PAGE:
Paul’s Map and Territory: Rethinking the Work of the Apostle in Light of Ancient Cartography

Paul had a clear understanding of how his calling and his work mapped onto geography. In contexts where he felt that others were encroaching on his territory, as in Galatians and 2 Corinthians, Paul could be very angry and defensive. Likewise, when Paul was writing to people in territories that he d...

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Bibliographic Details
Published in:Horizons in biblical theology
Main Author: Smith, Eric C. 1977-
Format: Electronic Article
Language:English
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Published: Brill [2020]
In: Horizons in biblical theology
Standardized Subjects / Keyword chains:B Paul Apostle / Geography / Map / Missionary journey / Romans
RelBib Classification:HC New Testament
HH Archaeology
TB Antiquity
Further subjects:B Geography
B Space
B Maps
B Region
B Romans
B Mapping
B Paul
B Place
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Summary:Paul had a clear understanding of how his calling and his work mapped onto geography. In contexts where he felt that others were encroaching on his territory, as in Galatians and 2 Corinthians, Paul could be very angry and defensive. Likewise, when Paul was writing to people in territories that he did not consider part of his purview, such as in Romans, he was deferential and submissive. In all three cases—in Galatians and 2 Corinthians when Paul was being defensive about his territory, and in Romans when he was being deferential—Paul used a particular word, κλίµα, to designate geography—a word he never used in any other context. This article puts this observation in conversation with ancient mapping, which relied on “process descriptions” of space and place rather than “state descriptions.” That is, ancient cartography privileged the process of movement or travel, and in contrast to most modern mapping, ancient maps didn’t usually make use of any external system of reference. One particular map, the Peutinger Map, helps illustrate this phenomenon. Understanding how ancient maps organized space, we can begin to understand Paul’s notions of territory and the way they determined which places he felt compelled to visit. By knowing something about Paul’s maps and geographies, we can make sense of his language in Romans 15, where territory played a pivotal role in his self-understanding as an apostle and in his trajectory across the Roman world, “from Jerusalem and as far around as Illyricum,” but also onward to Spain and to the end of the world.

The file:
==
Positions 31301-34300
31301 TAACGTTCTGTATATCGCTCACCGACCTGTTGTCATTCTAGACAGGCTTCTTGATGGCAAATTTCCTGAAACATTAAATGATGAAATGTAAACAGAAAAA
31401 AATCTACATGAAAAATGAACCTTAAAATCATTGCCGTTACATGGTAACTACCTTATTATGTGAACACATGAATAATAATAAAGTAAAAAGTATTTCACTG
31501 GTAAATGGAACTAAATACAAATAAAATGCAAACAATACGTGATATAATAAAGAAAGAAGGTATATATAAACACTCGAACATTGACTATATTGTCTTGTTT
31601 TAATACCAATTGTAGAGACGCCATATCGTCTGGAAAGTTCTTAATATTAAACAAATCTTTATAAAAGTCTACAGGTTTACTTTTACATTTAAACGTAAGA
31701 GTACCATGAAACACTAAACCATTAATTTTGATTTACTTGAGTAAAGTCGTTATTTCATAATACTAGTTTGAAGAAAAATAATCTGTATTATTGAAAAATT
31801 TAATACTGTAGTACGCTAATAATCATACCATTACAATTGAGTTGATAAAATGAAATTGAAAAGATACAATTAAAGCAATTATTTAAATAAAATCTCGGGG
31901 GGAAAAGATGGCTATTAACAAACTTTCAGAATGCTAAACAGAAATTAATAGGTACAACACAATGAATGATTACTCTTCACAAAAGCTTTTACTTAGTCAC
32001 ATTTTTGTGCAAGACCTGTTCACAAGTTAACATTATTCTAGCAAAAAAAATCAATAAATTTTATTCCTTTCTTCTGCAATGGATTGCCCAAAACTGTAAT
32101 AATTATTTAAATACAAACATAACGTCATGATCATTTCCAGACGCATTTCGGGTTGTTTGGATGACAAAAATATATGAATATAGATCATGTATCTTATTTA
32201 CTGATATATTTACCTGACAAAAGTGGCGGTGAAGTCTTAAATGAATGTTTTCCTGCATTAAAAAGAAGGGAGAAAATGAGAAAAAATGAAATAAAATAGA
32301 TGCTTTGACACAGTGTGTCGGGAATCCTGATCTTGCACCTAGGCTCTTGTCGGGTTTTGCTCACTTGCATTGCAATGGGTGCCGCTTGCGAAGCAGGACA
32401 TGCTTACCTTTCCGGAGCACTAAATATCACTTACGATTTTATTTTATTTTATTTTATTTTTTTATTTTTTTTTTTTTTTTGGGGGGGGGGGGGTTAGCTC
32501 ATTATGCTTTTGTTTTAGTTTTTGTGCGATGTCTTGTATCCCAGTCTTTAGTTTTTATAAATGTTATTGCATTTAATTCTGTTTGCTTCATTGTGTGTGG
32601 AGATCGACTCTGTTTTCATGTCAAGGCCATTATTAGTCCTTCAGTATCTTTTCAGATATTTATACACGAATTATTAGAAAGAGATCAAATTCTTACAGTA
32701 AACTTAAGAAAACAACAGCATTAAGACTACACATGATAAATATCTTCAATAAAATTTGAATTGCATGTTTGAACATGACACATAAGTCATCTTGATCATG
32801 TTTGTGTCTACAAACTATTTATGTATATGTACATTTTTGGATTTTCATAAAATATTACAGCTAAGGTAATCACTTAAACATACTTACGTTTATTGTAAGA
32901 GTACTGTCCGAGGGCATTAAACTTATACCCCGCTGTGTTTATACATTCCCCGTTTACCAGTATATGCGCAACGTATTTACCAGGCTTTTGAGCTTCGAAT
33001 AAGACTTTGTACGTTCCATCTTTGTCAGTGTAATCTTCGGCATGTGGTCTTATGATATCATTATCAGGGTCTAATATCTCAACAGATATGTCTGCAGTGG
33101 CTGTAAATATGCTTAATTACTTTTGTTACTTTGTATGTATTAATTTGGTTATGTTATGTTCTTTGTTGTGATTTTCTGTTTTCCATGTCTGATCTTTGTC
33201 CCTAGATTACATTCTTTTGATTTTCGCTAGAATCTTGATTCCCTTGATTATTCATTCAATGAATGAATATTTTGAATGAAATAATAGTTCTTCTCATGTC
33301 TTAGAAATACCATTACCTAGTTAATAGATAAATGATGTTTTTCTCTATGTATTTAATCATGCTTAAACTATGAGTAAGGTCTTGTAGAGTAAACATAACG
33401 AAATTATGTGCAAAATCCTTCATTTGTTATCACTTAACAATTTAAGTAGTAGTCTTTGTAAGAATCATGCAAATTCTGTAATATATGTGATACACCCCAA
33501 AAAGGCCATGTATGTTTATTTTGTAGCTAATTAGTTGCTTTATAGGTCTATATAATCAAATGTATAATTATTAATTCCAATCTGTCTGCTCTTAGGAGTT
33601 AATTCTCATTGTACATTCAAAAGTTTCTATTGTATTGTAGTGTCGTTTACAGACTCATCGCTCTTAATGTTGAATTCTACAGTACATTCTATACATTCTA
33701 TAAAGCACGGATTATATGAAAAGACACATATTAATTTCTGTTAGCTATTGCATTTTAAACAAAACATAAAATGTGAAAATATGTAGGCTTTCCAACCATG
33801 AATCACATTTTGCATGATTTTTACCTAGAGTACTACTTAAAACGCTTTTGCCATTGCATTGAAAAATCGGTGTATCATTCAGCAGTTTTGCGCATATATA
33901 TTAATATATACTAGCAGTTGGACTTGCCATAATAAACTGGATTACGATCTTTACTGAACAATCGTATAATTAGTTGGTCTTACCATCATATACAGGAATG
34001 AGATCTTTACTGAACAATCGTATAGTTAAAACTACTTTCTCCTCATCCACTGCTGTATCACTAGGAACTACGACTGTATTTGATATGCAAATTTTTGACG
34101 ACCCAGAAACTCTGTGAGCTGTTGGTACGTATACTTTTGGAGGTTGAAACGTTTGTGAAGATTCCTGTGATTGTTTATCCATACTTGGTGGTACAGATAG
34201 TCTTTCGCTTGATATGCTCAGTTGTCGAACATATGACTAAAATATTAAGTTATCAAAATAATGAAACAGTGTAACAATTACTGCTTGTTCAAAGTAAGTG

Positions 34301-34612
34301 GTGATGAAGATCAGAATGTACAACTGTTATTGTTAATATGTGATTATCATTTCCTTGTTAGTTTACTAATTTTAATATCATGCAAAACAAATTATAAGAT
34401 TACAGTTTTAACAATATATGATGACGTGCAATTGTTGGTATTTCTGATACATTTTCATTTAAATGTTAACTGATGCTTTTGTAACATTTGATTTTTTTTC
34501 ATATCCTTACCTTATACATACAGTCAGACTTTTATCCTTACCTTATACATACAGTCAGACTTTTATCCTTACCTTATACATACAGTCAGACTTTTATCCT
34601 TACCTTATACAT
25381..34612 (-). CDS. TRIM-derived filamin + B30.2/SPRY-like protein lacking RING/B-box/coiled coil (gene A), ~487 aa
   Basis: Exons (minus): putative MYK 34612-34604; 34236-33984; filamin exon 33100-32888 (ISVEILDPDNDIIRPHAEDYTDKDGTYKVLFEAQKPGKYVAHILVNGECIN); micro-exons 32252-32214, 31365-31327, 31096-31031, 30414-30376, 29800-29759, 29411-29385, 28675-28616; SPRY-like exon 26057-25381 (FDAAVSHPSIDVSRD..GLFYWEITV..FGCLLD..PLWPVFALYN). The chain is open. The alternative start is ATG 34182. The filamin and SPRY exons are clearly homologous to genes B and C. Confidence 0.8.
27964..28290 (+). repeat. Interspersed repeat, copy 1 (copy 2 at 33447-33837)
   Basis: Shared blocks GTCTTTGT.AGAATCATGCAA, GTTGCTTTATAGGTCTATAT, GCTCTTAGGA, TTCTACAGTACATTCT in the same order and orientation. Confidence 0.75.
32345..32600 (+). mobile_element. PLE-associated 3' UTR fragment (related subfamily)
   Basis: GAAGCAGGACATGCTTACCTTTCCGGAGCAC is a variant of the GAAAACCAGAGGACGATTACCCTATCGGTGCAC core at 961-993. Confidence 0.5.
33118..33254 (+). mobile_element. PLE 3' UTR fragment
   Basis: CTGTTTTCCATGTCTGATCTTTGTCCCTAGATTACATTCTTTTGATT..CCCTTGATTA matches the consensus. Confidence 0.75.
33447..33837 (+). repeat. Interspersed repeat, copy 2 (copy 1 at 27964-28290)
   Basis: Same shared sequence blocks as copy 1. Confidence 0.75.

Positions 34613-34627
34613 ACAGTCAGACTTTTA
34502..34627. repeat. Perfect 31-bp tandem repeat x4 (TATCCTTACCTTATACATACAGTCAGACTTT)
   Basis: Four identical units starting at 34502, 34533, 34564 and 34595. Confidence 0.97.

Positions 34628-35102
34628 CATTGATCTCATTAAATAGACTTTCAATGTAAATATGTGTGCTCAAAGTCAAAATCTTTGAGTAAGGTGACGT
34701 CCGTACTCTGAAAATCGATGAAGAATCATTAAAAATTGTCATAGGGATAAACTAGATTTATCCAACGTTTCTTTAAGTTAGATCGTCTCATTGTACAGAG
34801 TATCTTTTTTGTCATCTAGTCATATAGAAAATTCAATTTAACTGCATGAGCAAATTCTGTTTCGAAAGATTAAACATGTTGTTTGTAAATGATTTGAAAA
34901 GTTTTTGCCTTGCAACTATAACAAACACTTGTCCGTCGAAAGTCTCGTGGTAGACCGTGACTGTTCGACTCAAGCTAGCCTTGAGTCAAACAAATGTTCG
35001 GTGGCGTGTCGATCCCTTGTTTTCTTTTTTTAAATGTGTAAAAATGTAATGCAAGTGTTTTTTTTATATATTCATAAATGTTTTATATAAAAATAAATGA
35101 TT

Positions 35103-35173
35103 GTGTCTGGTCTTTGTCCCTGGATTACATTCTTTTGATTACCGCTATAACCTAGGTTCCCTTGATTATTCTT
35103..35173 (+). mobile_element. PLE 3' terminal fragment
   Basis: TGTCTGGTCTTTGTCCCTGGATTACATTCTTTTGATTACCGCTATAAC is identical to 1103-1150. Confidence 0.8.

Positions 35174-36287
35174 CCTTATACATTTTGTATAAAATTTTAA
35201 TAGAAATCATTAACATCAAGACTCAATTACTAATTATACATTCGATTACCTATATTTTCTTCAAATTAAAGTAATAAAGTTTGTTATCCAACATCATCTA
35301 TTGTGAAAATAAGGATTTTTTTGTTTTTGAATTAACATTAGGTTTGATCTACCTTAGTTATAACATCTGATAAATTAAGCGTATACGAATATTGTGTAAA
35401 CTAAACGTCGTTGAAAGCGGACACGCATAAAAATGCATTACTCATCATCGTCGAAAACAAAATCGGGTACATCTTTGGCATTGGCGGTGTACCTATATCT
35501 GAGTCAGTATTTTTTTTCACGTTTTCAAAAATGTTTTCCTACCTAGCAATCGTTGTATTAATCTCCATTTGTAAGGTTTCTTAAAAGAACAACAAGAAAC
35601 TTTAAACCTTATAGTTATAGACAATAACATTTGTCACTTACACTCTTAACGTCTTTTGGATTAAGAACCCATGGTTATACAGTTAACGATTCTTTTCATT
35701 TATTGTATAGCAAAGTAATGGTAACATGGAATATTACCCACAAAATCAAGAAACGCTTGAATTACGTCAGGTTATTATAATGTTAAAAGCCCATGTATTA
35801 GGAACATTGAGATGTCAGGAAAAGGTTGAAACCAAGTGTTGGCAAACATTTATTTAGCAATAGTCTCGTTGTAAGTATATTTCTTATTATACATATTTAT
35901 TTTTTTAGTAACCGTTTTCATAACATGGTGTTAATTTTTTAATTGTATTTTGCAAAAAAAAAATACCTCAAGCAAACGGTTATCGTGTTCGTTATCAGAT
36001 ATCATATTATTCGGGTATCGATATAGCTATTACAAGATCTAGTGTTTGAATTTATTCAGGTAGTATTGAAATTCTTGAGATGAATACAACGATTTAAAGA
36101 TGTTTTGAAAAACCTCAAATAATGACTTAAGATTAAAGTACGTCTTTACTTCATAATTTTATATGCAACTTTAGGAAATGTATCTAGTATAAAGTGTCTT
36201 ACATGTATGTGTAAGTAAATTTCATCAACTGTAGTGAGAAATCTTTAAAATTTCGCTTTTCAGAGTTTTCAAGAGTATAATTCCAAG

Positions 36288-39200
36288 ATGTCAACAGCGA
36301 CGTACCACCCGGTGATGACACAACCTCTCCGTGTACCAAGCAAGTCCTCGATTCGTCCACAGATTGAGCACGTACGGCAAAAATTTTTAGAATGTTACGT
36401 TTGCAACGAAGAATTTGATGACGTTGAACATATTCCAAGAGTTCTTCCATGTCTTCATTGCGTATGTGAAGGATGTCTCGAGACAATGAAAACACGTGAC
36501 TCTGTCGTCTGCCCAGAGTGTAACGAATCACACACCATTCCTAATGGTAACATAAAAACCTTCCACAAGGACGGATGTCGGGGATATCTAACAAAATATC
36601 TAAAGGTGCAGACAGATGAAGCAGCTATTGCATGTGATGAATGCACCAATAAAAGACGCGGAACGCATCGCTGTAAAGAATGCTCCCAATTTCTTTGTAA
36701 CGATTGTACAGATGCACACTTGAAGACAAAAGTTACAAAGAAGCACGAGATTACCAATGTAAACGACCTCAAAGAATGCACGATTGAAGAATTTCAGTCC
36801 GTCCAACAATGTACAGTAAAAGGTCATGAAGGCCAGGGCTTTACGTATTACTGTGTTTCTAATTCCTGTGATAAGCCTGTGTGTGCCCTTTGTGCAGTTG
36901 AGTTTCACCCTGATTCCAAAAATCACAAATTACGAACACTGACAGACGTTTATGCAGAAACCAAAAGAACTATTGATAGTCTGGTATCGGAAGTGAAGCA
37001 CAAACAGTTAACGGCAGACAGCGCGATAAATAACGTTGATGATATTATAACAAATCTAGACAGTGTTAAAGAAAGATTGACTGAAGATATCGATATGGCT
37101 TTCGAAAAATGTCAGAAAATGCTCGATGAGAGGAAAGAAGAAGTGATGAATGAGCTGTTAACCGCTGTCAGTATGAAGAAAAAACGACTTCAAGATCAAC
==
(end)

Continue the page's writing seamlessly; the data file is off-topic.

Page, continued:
ISSN:1871-2207
Contains:Enthalten in: Horizons in biblical theology
Persistent identifiers:DOI: 10.1163/18712207-12341404